C-SD Football Coach Parker’s update on 2020 season

Gaven Parker

CAMBRIDGE — Vikings’ Football Head Coach Gaven Parker released a statement on social media on Thursday, following Superintendent W. David Bromwell’s interview on WHCP Radio 101.5’s Cambridge Community Conversations, in which Mr. Bromwell said it seemed unlikely there would be fall sports this season. Though the decision has not been made in Dorchester, the coronavirus situation has already shut down seasons in other districts.

Keeping athletes, coaches and fans safe from exposure during games and practices is a challenge that school and professional sports are facing across the nation during the current pandemic.

“I have received calls in response to Superintendent Bromwell’s comments on fall sports. His comments were directed at the logistics of the season and the problems they cause during the COVID era,” Coach Parker wrote. “I support his opinion and his decision to continue our no off season workouts. Although other counties have started team training, it is not worth the risk of possible exposure to the virus.”

Mr. Bromwell was speaking during one in a series of interviews livestreamed on WHCP’s Facebook and YouTube accounts. The moderator of the discussion was Dr. Theresa Stafford, who provided him with questions, many of which were from the participating audience.
“Several local counties on the Eastern Shore aren’t even allowing students in the buildings,” Mr. Bromwell said when the discussion turned to the possibility of fall sports. “How can we put players in a locker room?”

He said it could be helpful to consider the “billion-dollar” professional sports franchises, who themselves are struggling to find a way to hold their games safely. “I know we don’t have the funding to implement an athletic bubble,” Mr. Bromwell said.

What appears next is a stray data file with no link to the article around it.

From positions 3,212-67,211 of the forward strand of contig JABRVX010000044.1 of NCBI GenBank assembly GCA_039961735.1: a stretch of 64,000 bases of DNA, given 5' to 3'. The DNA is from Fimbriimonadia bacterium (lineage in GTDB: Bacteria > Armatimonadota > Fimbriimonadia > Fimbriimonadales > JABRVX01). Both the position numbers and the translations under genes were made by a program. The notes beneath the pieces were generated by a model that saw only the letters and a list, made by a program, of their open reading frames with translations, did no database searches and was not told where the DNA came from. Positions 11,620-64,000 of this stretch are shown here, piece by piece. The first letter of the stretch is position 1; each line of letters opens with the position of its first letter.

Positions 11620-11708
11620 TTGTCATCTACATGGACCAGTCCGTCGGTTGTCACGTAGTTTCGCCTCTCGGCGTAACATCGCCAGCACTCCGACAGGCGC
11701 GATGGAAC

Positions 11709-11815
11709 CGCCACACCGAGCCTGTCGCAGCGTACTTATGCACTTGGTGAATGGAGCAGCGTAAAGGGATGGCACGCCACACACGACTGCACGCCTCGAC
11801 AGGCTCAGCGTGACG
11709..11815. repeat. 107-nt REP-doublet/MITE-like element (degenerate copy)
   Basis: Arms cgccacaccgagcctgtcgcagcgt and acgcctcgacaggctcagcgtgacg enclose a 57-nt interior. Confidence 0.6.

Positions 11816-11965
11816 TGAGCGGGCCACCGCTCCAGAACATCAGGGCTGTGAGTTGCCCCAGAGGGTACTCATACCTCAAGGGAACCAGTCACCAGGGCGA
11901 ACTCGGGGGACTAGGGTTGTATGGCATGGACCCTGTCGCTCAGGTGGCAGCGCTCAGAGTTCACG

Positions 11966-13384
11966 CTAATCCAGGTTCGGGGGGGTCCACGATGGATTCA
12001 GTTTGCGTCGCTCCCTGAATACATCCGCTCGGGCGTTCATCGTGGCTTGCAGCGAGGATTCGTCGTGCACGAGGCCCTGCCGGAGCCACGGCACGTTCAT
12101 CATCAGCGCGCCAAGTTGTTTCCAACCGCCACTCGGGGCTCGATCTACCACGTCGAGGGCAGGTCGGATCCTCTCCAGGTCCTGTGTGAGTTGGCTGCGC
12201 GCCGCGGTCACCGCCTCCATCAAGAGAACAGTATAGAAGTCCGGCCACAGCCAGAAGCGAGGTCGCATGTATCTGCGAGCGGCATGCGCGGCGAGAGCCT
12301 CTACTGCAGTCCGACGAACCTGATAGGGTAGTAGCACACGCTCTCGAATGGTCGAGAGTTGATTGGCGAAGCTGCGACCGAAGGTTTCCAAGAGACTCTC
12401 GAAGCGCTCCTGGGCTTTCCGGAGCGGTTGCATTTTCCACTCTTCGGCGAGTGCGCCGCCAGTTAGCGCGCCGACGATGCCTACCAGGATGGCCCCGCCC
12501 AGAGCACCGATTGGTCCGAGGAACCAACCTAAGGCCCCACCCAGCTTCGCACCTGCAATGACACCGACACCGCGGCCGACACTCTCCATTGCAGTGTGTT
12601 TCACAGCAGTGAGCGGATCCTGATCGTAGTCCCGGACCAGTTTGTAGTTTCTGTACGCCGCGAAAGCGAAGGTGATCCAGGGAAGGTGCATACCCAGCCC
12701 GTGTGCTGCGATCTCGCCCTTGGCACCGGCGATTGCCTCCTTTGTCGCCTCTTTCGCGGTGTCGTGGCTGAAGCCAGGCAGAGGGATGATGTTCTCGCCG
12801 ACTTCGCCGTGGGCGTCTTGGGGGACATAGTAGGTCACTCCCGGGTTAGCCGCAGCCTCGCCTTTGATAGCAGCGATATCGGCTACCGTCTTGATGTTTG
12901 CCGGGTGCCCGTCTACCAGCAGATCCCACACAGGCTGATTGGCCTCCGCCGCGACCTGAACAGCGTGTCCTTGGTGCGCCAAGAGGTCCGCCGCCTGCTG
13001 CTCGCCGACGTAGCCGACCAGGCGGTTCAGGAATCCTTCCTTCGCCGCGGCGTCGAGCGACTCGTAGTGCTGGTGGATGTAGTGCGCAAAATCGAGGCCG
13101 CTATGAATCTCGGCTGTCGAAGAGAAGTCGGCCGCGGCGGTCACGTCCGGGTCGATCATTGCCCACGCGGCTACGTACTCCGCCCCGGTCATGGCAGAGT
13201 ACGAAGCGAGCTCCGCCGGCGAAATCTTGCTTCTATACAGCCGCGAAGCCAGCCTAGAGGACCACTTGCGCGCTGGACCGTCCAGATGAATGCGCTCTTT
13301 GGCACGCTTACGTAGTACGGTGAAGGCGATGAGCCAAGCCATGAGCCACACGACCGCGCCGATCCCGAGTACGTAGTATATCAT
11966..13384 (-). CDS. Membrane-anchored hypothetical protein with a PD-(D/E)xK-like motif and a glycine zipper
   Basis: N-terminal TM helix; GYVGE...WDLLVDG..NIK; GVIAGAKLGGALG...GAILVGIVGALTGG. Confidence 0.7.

And that’s for the home games and practices. As for road games, he said, it is questionable that the school could afford to send players on the five or six buses that would be required under distancing rules.

With each bus costing the school about $300 per trip, the cost for one game, never mind the whole season, would be higher than ever.
Noting the value of sports in keeping students involved in school — with grades high enough to qualify for teams — Mr. Bromwell mentioned a plan under consideration in Virginia. Schools there might go to a three-season plan, beginning in January.

Assuming the health situation has improved sufficiently by then, this would allow fall, winter and spring sports each to have a season of about two months.

“Athlete and coach safety is our number one priority. At this time, fall sports have not been officially canceled, the Maryland Public Secondary Schools Athletic Association (MPSSAA) and the Bayside Conference are continuing to monitor and make the best decisions they can for the students,” Coach Parker said. “The coaches and athletes of the C-SD football program are going to continue to prepare for the season to the best of our ability. Although I feel the likely hood of a traditional Football season are not high, I am hopeful that the MPSSAA can find a safe solution for high school students to participate in all the available sports teams. Please stay safe and remain flexible.”